Sunday, September 1, 2013
On Running B1 In Search of the Unknown
I did a fairly "light" stocking on the first level, leaving some unguarded treasures - which turned out not to matter because the players didn't find a well-secreted gem. But the empty rooms turned out not to be too big of a factor.
An early encounter was with goblins who I had in the dining room (room 3). This killed one of the NPCs rounding out the party but had the interesting effect of the PCs capturing several goblins and using them as guides, and out of the three captured goblins one even survived. The rumor table really worked, because the PCs knew about the room of pools and had the goblins lead them straight there. I always find such treks in a dungeon to be really interesting, because they reveal a bit about the layout but just a very specific subset. Goblin fear of orcs also helped the PCs out because they knew where I had placed them. (I ruled that the goblins weren't that adventurous and hadn't explored much beyond that part of the dungeon, but the pool room was so close they knew how to get to it.)
The room of pools is probably my favorite element in the module. The PCs were pretty methodical about it, and I allowed a saving throw against the pool of muting which meant it had no effect. They used the fish to "test" each pool that was suspect, which helped them avoid the pool of sleep, though they also avoided the aura pool because the fish looked stunned for a few moments. It was an effective way to get to the healing pool, which provided welcome HP after the scrap with the goblins.
A few later encounters just "felt right," including a monstrous black widow spider hiding above the bed in the mistress's room. (It lost initiative three times and missed the one attack roll it got, which was enough to do it in.) The valuable mirror was under the pillow and promptly found in the thorough search of the room. Another was a shrieker in the garden room, which of course had the intended effect of drawing wandering monsters - in this case some kobolds. Monsters kept failing morale checks and surrendering, so they now had a kobold and a goblin along who didn't like each other.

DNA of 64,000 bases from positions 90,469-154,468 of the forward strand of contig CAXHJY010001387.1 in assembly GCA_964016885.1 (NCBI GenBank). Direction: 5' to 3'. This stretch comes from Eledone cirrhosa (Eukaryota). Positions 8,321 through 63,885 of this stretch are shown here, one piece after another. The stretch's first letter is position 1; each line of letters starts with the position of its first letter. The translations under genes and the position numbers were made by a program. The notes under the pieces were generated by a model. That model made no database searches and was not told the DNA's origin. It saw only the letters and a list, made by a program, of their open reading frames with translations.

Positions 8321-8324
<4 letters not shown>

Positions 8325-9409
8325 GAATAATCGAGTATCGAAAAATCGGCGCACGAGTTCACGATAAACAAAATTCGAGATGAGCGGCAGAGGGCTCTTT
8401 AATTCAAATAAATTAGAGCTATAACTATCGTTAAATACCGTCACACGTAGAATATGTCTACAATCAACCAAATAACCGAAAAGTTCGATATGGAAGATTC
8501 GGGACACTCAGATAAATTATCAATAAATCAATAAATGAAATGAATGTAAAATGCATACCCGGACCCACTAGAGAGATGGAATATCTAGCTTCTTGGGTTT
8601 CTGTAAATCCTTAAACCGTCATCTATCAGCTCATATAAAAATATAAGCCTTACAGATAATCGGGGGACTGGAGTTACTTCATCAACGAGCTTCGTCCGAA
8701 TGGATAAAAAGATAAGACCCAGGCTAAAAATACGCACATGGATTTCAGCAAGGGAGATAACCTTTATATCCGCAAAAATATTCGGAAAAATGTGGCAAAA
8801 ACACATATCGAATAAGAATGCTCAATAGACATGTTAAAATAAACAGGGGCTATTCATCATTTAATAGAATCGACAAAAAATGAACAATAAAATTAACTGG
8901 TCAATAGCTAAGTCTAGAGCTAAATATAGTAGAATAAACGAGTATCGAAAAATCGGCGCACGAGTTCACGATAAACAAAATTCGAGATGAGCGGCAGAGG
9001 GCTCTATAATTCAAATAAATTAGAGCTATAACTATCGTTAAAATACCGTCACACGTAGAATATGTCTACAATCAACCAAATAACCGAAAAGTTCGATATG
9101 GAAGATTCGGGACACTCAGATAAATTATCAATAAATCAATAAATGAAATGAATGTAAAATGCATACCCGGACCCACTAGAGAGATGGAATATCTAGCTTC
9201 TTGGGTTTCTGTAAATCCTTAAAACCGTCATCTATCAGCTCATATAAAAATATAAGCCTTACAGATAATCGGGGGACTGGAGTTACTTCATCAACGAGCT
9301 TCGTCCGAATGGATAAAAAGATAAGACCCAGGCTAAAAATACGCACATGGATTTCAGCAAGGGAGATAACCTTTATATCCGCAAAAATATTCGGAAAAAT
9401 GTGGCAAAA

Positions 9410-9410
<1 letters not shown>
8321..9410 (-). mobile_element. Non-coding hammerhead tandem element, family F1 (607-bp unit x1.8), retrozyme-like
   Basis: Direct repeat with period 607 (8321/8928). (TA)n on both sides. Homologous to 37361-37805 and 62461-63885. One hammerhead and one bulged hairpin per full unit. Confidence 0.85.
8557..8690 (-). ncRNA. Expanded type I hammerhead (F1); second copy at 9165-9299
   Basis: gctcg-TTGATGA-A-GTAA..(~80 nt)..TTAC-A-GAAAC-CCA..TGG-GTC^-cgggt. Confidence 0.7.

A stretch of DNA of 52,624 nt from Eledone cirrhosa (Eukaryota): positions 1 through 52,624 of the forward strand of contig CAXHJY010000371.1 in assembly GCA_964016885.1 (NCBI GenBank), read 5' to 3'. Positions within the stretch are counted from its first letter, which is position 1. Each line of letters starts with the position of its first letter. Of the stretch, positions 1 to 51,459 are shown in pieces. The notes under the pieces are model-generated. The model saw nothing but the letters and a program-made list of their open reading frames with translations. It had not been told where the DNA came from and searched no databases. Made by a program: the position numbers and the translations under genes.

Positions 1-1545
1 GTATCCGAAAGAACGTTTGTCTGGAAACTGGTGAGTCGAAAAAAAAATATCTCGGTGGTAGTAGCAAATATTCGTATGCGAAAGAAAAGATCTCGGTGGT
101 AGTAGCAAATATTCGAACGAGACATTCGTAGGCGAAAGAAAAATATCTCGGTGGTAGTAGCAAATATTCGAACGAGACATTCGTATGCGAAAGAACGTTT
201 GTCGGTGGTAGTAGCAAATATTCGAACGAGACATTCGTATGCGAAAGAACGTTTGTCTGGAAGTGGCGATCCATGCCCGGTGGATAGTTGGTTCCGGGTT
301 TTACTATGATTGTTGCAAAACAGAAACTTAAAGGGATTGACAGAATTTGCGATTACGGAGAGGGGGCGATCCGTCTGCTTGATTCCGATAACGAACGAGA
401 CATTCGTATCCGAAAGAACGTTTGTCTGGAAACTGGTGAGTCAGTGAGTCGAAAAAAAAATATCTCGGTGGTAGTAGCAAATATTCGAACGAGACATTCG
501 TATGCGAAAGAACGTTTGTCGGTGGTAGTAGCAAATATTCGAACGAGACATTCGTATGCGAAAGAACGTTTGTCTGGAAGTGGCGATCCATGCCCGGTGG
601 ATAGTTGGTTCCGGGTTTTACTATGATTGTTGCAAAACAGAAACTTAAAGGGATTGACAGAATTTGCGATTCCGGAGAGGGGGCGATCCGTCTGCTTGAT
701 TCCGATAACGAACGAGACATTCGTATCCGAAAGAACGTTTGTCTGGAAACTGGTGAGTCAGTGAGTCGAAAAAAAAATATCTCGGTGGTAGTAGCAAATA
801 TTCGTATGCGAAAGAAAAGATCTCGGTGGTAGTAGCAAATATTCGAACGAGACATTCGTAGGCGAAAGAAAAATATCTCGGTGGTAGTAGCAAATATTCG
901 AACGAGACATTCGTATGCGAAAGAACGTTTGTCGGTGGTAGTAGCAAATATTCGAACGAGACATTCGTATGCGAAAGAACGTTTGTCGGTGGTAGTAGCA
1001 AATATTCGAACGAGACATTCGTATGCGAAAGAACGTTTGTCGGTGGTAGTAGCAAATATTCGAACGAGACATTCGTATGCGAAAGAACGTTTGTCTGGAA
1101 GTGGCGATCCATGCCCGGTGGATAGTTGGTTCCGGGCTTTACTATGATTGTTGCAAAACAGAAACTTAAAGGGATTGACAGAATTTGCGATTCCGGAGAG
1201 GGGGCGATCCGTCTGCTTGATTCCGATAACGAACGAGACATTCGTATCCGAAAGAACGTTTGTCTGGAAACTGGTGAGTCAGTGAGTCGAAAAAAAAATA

In the end, combat managed to kill the dwarf, as the party ran into a programmed kobold encounter - the kobold with them betraying the party. The PCs got out with some good loot from it, if nothing else. The dwarf's demise managed to derail their plans for a permanent goblin servant because no remaining PCs spoke goblin.
The biggest impact of the Moldvay rules was the damage factor. The party's fighter had a two-handed sword and a 17 Strength, and 1d10+2 is more than most of the monsters in B1 can handle by a high factor. Monsters would've been harder in Holmes with all d6 damage. Without a magic-user there was no other major shift away from Holmes. Moldvay's morale rules proved once more why they are my favorites - this group of players was the most creative with their captives of the ones I've seen. As I noted above, initiative rolls really mattered because I kept making crappy rolls for initiative, but I roll initiative even in OD&D.
Because of multiple store rooms, there were two good observations. The first was - "I think we're in an IKEA, not a dungeon." (The difference is the furniture here was already assembled.) The second was how much B1's first level feels like you're raiding somebody's house. This is one of the real oddities of the module. The module also was a pain for the mapper but since so much hangs off of the central area with the kitchens dining room and the landing from the first corridor, it all fits back together.
B1 was only nominally moved to Moldvay by adding morale scores. I was using a brown cover copy of the module instead of B1 for that reason, but there's a dwarf who has exceptional Strength and another whose Constitution score isn't high enough to qualify for the class. There's also a place or two using 3d6 under stat as an ability check instead of the B/X Expert method of using 1d20 roll-under; I find each to work pretty well despite the different probabilities.
All in all it's a fun module to run, and Moldvay worked as well as I expected it to. PCs are a bit tougher than in Holmes because of how ability scores work, but it's still the same fundamental game. I really think B1 could use some re-skinning though in the future. If nothing else, to avoid the "fantasy IKEA" effect.